Becoming German: The 1709 Palatine Migration to New York

Knittle, Early Eighteenth Century Palatine Emigration, Chapter Four

Becoming German: The 1709 Palatine Migration to New York

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  • The passenger lists for the ships carrying these refugees are lost, but we have the names of some from various records and correspondence. Preceeding the Palatine immigration were various letters and petitions in England, where the Palatines were waiting to sail to America. These provide us with some names of the first immigrants.

    Johannes Jakob Rohrer was one of the Palatine emigrants whomet ships of docking Palatines at the harbor. One day, he luckedout, and one of the first passengers whom he met coming off oneof the ships, turned out to be his father. Johnnes, who nowcalled himself John, immediately recognized his parent, but thelatter did not know his son. Johannes Jakob's mother had died andhis father was married again, and had two or three sons by hissecond wife. They were destitute of means and expected to be soldfor their passage money. John paid the demands, brought hisfather and his father's family with him, and aided his halfbrothers to property near what is now Hagerstown, Maryland. I amdescended from Martin Rohrer, one of the sons, who was set up onland in what is now Washington County, Maryland. Thus the eventin history known as the Great Palatine Migration came to an endfor my family.

  • The Swiss settlement in Conestoga proved appealing to both newly arriving Palatines, as well as those who already lived in other parts of the American colonies. Certainly the rich soil was a key point of attraction, as was the fact that the Pennsylvania authorities showed an openness to sell land to non-English “aliens” and a greater tolerance of individual religious beliefs. The Germans, Dutch and Swiss also shared a continental cultural heritage that differed from the English. Thus living within the Palatine community was easier from a social and economic perspective. Being so distant from the provincial capital of Philadelphia, and even from the county capital of Chester, gave the Palatines a sense of independence from English legal and social structures. As a result, from 1715 onward, Palatine immigration into Conestoga grew rapidly, and the Palatine settlement spread both westward toward the Susquehanna River and eastward along the Conestoga and Pequea waterways.

    Tt was evident that the British government did not plan for this large Palatine immigration in 1709. It prayed for immigration as a general blessing, but this avalanche of people was like a flood instead of rain. The government's strenuous efforts to stop the movement and the generous attitude it maintained stood in sharp contrast to the conduct of the proprietors of English colonies, who were largely responsible for the emigration. The proposals to settle the Palatines discussed so far were for the most part discarded in favor of more promising ventures. Proposals to send Palatines to Ireland, Carolina and New York were in the latter category, and the large bands of emigrants transported there justify special attention to their adventures.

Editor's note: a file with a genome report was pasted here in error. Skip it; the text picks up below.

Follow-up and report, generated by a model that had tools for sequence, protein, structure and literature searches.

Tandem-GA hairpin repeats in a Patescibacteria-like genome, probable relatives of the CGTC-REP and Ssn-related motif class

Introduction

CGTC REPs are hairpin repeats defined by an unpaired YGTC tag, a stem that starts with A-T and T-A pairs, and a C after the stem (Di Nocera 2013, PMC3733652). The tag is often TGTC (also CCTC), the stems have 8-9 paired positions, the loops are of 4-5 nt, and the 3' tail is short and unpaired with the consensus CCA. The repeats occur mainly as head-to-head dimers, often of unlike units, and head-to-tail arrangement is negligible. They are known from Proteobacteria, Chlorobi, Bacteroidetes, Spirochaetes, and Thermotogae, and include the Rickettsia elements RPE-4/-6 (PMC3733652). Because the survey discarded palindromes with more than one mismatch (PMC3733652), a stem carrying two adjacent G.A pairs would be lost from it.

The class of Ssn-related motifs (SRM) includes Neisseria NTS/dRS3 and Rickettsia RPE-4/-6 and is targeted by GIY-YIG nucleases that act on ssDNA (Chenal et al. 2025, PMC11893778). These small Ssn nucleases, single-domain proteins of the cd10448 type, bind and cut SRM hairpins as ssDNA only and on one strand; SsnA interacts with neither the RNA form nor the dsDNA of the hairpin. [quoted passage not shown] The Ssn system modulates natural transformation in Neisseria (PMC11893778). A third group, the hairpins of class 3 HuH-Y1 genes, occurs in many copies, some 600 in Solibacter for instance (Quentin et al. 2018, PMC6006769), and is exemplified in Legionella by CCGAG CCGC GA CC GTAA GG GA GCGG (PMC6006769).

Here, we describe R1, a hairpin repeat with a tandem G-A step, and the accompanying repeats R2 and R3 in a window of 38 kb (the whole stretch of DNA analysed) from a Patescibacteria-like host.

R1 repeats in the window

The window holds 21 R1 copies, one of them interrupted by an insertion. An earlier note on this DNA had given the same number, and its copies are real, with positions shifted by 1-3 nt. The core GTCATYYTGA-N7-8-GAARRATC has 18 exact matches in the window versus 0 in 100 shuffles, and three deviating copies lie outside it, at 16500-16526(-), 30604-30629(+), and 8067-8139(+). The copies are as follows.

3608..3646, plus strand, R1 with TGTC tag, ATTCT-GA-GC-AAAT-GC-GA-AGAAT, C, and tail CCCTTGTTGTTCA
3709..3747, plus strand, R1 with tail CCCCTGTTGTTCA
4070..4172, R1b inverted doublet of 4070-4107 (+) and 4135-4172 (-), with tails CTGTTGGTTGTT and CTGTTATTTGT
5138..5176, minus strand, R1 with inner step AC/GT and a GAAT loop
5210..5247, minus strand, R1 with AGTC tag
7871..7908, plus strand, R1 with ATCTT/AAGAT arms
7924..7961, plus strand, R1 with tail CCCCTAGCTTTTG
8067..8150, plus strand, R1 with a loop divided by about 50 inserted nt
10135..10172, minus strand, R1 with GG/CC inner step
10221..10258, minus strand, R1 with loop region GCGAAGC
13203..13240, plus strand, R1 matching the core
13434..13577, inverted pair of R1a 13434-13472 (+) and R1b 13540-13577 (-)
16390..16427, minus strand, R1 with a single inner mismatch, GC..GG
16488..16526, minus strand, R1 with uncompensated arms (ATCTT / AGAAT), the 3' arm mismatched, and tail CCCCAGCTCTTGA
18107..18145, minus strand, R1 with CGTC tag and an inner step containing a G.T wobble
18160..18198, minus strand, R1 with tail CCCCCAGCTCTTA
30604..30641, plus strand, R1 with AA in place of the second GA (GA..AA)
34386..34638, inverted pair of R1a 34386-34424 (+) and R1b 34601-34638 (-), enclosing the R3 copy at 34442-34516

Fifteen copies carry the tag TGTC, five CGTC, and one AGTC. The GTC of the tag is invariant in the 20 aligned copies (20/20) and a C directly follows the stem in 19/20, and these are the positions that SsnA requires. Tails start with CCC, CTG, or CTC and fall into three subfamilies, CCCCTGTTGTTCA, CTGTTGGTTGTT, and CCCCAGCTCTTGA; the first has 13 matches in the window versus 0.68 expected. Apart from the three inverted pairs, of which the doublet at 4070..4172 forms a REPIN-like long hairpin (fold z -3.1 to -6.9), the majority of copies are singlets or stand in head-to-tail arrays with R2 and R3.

Becoming German: The 1709 Palatine Migration to New York
    Philip Otterness
    Limited preview - 2013

  • Rensselaer County descendants of the
    Great Palatine Migration of 1710

    The eastward Palatine migration from the settlements near the Susquehanna River and the westward English migration from the established parts of Chester and Berks Counties finally met along the border between Leacock and Salisbury townships. It was near this intersection between the Palatine and English settlements that Conrad Rutter and family ended up settling.

History of the Palatine Emigration to America - RootsWeb

We are becoming increasingly aware that the transplantation of peoples from the Old World to the New was a complex business. Any real understanding of migration must include investigations of the conditions and identities in the emigrants’ places of origin, of the factors that facilitated or hindered migration, of the physical migration itself, of the conditions and evolving identities in the immigrants’ new settlement areas, and maybe some follow-up on what happened to those who left their homelands. By these criteria, Becoming German is a successful exploration of one relatively small piece of the settling of Anglo-America, the so-called Palatine migration of 1709. As a case study of the pushes and pulls of immigration, of the intricacies of ethnicity and perception, of the limits the eighteenth-century state faced in the management of large groups of newcomers, and of the impossibility of forcing free people in America to follow any sort of ‘imperial’ script, Becoming German adds to our understanding of these important processes.